Thats why the Nash Prairie matters so much. As Chronicle reporter Matthew Tresaugue reported Tuesday “Life abounds at states last surviving bit of coastal prairie,” Page B1, July 26, the 400-plus acres of never-plowed land in Brazoria County remained pristine by historical accident: The Czech and German immigrants who first settled the area grazed cattle on it infrequently and harvested hay only once or twice a year, allowing plants to regenerate. And the owners who followed them simply continued that pattern.
The result was a rare piece of virgin prairie – and we were thrilled to read that it was recently acquired by the Nature Conservancy, so the ecosystem can be preserved in perpetuity.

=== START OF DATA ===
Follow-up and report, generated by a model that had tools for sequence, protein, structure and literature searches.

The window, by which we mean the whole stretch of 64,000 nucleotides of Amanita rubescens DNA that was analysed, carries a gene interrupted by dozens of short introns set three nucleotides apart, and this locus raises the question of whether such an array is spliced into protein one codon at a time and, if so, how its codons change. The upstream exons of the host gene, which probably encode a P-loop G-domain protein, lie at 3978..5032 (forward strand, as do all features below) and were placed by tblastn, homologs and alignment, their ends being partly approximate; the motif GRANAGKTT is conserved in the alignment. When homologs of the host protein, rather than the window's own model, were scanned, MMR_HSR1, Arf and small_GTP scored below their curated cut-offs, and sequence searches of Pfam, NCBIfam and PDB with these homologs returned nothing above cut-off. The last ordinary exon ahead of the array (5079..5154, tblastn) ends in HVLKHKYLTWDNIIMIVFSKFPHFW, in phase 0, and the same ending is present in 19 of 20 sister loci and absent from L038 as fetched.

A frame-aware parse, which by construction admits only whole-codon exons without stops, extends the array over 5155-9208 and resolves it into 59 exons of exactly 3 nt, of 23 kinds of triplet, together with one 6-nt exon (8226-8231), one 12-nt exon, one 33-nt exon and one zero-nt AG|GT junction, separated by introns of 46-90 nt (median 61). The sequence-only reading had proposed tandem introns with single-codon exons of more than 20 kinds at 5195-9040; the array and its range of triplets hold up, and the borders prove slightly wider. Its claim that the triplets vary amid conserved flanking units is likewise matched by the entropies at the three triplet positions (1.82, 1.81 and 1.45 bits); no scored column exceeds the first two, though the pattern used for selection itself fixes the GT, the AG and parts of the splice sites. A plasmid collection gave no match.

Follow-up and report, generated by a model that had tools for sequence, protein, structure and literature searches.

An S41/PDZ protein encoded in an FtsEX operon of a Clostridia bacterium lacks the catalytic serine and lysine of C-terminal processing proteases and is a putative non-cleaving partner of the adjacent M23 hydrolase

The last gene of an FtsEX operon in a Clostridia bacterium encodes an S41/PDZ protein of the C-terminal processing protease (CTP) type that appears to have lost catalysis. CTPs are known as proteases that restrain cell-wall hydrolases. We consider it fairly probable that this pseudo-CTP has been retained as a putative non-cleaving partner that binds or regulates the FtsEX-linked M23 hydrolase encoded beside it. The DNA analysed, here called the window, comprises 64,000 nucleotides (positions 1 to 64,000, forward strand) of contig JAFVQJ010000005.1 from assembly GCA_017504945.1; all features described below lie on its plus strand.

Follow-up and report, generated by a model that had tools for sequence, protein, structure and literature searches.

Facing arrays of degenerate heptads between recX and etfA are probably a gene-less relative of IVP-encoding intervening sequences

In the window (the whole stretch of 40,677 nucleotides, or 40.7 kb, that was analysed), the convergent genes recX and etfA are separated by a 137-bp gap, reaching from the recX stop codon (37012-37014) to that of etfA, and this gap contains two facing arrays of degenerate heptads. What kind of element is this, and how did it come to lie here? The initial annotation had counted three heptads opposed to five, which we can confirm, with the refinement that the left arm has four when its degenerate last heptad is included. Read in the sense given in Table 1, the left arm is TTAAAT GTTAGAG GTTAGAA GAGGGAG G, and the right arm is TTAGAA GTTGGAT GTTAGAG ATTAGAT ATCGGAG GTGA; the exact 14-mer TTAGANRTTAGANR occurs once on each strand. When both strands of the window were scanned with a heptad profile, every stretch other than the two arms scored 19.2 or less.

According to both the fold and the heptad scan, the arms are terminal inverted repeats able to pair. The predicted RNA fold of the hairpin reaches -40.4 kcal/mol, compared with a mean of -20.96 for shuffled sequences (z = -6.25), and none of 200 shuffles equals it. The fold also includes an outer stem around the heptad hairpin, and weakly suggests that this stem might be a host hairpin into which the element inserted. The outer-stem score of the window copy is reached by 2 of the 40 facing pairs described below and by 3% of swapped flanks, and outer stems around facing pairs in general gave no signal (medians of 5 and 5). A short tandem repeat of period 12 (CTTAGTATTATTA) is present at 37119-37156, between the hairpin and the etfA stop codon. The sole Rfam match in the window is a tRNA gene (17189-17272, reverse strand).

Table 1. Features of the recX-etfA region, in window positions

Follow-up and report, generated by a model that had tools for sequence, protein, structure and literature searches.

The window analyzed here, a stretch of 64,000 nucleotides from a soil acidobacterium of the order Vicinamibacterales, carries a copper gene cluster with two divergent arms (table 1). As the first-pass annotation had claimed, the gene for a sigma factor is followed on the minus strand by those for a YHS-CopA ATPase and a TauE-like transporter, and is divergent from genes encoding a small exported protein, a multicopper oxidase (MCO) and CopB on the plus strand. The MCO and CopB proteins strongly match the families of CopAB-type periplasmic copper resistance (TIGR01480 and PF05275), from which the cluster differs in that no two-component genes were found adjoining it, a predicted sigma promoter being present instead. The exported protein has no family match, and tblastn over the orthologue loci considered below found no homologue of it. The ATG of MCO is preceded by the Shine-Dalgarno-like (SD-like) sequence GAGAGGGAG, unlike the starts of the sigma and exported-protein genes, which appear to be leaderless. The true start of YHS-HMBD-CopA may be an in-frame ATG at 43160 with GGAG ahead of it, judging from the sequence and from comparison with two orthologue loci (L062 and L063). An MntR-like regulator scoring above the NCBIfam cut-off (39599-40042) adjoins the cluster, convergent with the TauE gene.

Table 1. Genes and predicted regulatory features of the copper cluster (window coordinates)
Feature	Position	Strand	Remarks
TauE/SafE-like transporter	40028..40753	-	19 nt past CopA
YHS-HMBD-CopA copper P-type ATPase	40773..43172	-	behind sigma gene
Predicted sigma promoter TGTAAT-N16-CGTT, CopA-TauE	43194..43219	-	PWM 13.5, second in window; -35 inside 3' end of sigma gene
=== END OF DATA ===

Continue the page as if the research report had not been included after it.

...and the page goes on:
I have driven past this little piece of nature unnumbered times over the past decade and never realized what a treasure it was sitting beside the county road on the other side of the Brazos River from home. Just a bit north of this “pasture” sits the old windmill I like to capture with my camera. When I read the article and saw the maps, I knew exactly where this relic of the past was. Knowing where and what required a road trip and yesterday was the day to make the run. The video above was the result. Considering the drought conditions we are under, the Nash Prairie was still a beautiful place…Even under the afternoon sun on an August day. I will definitely be making more trips for exploring…
Here is a video from the Nature Conservancy explaining a bit more about the importance of the place.
- Life abounds in Texas’ last surviving bit of coastal prairie (chron.com)
- Photos by Steven Upperman (smugmug.com)